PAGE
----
Abstract

Gas cycling enhanced oil recovery (GCEOR) is under intense investigation. A novel experimental procedure was developed to quantify the parameters that affect GCEOR performance. Porous media, exhibiting in-situ liquid permeability from 200 nD to 2 µD, were evaluated for GCEOR upside. The influence of cycling pressure, injection gas composition, soak time and level of primary depletion before initiation of GCEOR were measured.

The innovative experimental design for core-flow testing permitted the quantification of GCEOR using large lab-scale hydrocarbon pore volumes (HCPV). The unique experimental design allowed nano-darcy media to be tested using a time line comparable to conventional millidarcy media. Two dominant flow regimes were incorporated: matrix mass transfer into the fracture and flow within the fracture. Three mechanisms for EOR are described: extraction, swelling, and reduction of interfacial tension. Full reservoir conditions were reproduced and primary depletion followed by huff and puff GCEOR were evaluated, while changing the design parameters listed above. This work was performed on diverse oil and rock properties.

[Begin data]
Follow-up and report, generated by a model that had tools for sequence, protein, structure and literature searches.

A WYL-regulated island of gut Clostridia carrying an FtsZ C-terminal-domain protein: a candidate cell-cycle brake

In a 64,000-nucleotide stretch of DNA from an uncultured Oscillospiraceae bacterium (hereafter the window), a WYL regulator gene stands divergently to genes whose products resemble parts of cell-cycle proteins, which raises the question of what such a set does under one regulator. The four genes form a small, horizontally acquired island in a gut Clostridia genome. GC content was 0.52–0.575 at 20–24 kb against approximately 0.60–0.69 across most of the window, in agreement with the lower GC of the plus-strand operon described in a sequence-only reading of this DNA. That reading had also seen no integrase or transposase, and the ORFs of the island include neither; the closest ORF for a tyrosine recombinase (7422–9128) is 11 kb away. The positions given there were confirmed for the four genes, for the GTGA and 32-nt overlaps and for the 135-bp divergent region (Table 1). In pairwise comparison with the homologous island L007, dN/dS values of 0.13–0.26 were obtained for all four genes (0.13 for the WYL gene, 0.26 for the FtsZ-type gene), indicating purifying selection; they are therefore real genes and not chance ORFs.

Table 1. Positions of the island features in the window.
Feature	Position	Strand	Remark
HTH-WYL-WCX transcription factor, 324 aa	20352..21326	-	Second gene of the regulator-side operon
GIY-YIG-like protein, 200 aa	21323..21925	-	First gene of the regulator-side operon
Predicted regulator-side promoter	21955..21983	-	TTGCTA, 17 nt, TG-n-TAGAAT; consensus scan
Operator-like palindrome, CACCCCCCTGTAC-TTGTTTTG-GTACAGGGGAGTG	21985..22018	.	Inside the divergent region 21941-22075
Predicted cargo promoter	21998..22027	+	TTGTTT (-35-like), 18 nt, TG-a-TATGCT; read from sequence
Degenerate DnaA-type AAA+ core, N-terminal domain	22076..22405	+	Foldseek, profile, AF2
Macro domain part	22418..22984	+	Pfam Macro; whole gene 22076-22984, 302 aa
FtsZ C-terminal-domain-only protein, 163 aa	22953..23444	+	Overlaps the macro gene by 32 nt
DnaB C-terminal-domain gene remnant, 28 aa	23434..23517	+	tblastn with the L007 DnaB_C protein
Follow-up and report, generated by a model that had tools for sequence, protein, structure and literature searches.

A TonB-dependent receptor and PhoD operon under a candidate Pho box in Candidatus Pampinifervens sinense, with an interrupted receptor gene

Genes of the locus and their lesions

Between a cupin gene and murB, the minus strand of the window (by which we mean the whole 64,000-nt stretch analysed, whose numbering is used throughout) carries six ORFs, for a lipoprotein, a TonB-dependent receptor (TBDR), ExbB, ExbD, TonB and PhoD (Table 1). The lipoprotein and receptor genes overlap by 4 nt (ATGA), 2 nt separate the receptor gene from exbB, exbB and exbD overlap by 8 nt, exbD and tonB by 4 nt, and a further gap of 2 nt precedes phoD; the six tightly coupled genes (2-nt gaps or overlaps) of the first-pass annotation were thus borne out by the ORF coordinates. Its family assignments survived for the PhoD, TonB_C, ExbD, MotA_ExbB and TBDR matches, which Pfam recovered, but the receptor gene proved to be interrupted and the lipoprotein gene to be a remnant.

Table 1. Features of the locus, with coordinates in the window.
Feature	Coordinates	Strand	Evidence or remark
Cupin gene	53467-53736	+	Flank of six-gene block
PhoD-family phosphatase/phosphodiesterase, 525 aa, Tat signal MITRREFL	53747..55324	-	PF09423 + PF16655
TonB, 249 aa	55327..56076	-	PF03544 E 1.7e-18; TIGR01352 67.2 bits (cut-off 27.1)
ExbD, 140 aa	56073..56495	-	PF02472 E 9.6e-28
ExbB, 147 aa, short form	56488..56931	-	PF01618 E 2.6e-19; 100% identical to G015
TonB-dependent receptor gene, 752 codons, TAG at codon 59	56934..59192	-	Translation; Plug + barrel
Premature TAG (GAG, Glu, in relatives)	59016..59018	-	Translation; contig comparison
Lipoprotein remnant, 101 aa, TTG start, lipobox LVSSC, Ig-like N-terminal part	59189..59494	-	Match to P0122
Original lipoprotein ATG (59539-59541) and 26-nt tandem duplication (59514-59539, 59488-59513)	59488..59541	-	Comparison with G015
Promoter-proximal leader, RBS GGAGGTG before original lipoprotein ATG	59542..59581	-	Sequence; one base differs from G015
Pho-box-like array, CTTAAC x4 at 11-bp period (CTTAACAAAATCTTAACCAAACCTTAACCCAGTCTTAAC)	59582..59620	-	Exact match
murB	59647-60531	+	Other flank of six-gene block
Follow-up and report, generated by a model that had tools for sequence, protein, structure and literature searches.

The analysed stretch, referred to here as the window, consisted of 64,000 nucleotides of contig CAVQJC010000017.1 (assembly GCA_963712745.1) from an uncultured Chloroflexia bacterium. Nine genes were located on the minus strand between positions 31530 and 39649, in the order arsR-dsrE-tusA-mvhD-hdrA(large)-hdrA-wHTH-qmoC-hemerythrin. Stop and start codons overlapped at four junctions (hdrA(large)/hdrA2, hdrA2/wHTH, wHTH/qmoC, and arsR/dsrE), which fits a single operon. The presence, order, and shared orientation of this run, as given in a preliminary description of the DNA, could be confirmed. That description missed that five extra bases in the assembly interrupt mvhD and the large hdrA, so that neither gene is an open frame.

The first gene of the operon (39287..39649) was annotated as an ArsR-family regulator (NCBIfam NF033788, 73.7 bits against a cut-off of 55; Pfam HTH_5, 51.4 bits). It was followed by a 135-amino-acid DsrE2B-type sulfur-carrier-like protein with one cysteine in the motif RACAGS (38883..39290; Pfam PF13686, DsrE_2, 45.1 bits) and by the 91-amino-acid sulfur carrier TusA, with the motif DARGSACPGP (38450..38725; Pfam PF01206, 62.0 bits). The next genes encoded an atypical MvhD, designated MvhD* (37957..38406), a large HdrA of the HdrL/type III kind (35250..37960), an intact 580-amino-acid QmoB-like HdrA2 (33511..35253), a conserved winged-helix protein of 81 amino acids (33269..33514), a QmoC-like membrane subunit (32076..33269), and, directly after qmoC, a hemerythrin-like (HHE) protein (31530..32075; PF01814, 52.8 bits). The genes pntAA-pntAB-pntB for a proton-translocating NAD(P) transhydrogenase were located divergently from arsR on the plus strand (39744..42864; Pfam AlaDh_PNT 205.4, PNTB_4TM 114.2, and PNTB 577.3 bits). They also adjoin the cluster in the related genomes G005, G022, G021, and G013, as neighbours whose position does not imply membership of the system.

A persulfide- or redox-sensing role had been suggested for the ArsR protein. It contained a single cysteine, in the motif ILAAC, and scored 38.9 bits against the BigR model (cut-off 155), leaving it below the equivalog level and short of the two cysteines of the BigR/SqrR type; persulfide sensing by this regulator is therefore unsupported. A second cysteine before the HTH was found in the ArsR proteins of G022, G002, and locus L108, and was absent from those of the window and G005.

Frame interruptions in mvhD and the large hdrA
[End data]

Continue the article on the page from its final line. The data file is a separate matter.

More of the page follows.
More than 30 primary depletion tests followed by GCEOR have been conducted. The effects of cycling pressure, injection gas composition, soak time, level of primary depletion before GCEOR, and other parameters were investigated. Due to large HCPV, good mass balance was maintained and sufficient fluids were produced, as a function of cycle number (huff and puff), in order to be able to measure effluent gas and liquid compositions and densities from each cycle along with the recovery of original oil in place (OOIP). All testing was done in order to quantify the relative benefit of huff and puff GCEOR compared to primary depletion recovery. Results indicate that recovery of OOIP can be more than doubled by implementing GCEOR: cycling pressure should be optimized (highest pressure does not necessarily perform the best); soak time/ huff time may compensate for non-optimal pressure operation; injection-gas composition can impact performance; gas utilization values are low compared to conventional continuous gas injection projects; less depletion before GCEOR initiation can accelerate recovery and can access residual oil that was not produced at higher levels of primary depletion.

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